Types of Credit Scores and How to Use Them
Updated · Apr 27, 2022
Credit scores are one of the most important aspects of a person's financial life.
Creditors use them to decide whether to lend you money. But things aren’t that simple.
You don’t get one universal number. There are several types of credit scores. They vary depending on the scoring model, reporting agency, and type of credit you’re applying for.
Below, we discuss the differences between them, as well as the usage and calculation of each one.
What Are Credit Scores?
A credit score is a numerical representation of the risk of lending money to individuals and businesses.
Some countries use completely different systems. But in the US, this is the determining factor of your creditworthiness.
The higher your score is, the more likely you are to be approved for a loan or credit card. It also helps you get better terms.
What Are the Different Credit Scores?
The most commonly used scoring models are the FICO® Score and the VantageScore.
What is a FICO® Score?
The FICO® Score was created by the Fair Isaac Corporation in 1989.
It is based on five factors:
Payment history (35%): This is the most influential factor. It includes information about missed and on-time payments.
Credit utilization (30%): It measures the amount of debt compared to the total available credit.
Length of credit history (15%): It shows the age of your accounts.
Credit mix (10%): This factor looks at the types of credit accounts you have—revolving credit (e.g., credit cards) and installment loans (e.g., auto loans).
New credit (10%): This indicates how often you've applied for new credit and how long it's been since you opened a new account.
What Are the Five Levels of Credit Scores?
The FICO® Score ranges from 300 to 850 points. It is divided into five levels determining your creditworthiness:
- Exceptional: 800-850
- Very Good: 740-799
- Good: 670-739
- Fair: 580-669
- Poor: 300-579
FICO® Score Versions
Credit usage levels are increasing every year. So, the FICO scoring model is updated periodically to reflect these changes. As a result, there are several FICO® Score versions.
The most widely used versions are FICO® Score 8 and 9. At the time of writing, the newest one available is FICO® Score 10.
In addition, there are several industry-specific FICO® Scores for different purposes.
For example, many creditors use the FICO® Auto Score 8 to evaluate auto loan applications and the Bankcard Score 8 for credit cards.
Mortgage lenders usually rely on older versions—even as old as FICO® Score 2.
What Is a VantageScore?
The VantageScore was created by the three major credit bureaus—Experian, Equifax, and TransUnion.
It is calculated similarly to the FICO® Score, but it gives different weight to the factors.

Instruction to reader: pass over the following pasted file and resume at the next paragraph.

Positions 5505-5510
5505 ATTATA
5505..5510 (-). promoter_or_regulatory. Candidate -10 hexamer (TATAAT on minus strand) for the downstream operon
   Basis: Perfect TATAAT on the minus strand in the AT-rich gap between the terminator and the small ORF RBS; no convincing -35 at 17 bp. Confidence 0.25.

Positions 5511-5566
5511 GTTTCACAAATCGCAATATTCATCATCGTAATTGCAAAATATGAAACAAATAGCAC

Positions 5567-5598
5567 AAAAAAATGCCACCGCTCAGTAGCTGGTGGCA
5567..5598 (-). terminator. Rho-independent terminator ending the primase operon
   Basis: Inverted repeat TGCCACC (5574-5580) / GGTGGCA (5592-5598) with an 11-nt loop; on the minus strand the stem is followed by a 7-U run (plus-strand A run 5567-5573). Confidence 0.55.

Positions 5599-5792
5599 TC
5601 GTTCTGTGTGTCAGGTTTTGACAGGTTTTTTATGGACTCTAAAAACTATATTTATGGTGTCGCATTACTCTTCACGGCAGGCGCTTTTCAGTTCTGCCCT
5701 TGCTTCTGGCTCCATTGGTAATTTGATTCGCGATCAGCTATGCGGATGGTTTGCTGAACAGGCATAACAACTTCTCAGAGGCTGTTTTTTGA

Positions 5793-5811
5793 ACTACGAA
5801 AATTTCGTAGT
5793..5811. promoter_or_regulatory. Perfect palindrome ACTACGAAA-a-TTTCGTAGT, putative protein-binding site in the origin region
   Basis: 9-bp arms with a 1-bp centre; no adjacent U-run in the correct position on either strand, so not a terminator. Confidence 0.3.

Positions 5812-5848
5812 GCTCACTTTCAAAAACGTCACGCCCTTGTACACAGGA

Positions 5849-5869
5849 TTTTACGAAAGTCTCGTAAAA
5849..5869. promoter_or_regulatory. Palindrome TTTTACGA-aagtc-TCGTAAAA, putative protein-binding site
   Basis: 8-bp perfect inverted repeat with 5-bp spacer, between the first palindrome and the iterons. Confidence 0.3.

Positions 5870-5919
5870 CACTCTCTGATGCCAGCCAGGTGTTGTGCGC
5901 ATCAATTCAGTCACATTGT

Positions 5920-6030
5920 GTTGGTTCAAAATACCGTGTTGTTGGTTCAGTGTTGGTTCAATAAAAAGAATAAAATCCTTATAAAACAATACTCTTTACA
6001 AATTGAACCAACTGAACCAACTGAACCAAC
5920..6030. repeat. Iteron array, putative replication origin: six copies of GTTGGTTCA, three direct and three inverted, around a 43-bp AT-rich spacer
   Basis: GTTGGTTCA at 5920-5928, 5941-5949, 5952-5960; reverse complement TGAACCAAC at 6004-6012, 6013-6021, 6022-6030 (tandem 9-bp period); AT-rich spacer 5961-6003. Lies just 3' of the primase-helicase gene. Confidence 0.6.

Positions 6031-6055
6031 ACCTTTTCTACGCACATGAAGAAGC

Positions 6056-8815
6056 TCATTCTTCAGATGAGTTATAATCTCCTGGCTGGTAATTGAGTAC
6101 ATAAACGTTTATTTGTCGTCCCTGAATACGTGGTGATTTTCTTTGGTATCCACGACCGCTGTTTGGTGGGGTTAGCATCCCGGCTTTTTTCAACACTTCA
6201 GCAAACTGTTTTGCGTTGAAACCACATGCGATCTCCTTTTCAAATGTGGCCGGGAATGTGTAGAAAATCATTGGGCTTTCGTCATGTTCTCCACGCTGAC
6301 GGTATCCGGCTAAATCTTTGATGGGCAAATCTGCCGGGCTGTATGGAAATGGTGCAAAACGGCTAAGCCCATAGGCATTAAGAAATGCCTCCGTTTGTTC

- Payment history: 40%
- Length of credit history: 21%
- Credit utilization: 20%
- Outstanding balances: 11%
- New credit: 5%
- Credit mix: 3%
What Are the Levels of VantageScore?
VantageScore starts from 300 and goes up to 850. Its credit score ranges are:
- Excellent: 781-850
- Good: 661-780
- Fair: 601-660
- Poor: 500-600
- Very poor: 300-499
Other Credit Scoring Models
The two most common models are VantageScore and FICO. That said, there are other types of credit scores out there.
For instance, many lenders use custom models based on in-house statistics.
Why Do I Have Different Credit Scores?
Although based on similar criteria, all scoring models produce slightly different credit scores.
For example, Equifax has created its own model, using a scale from 280 to 850 instead of the traditional 300-850 point scale.
In addition, lenders can choose which agency to report to. As a result, credit bureaus may contain different information about your history.
And since your score is based on the data in your report, results from TransUnion, Equifax, and Experian will vary slightly.
How to Check Your Credit Score
Checking the different credit scores and reports available through the major credit bureaus is an important part of maintaining good financial health.
It can help you identify potential mistakes and signs of fraud in your history. Plus, if you’re trying to improve your creditworthiness, you can track your progress.
A good credit score increases your chances of getting a mortgage, loan, or credit card. It also means lower interest rates and better terms.
You can get one free report per year from each of the credit bureaus or at annualcreditreport.com.
In addition, some financial institutions offer credit scores as part of their online banking tools.
There are also plenty of free credit scoring services online, like Credit Karma or Credit Sesame.
They offer educational scores. Although lenders don’t use them, they allow you to monitor your progress.
There are many types of credit scores. They vary depending on the model and credit bureau used to calculate it.
FICO® Score is the most widely used one, but there are other models available as well.
You can check your credit score at the credit reporting agencies, your financial institution, or on third-party websites.
Just remember that the lender could use another model to calculate it, resulting in a slightly different number.
With an eye for research, Aleksandra is determined to always get to the bottom of things. If there’s a glitch in the system, she’ll find it and make sure you know about it.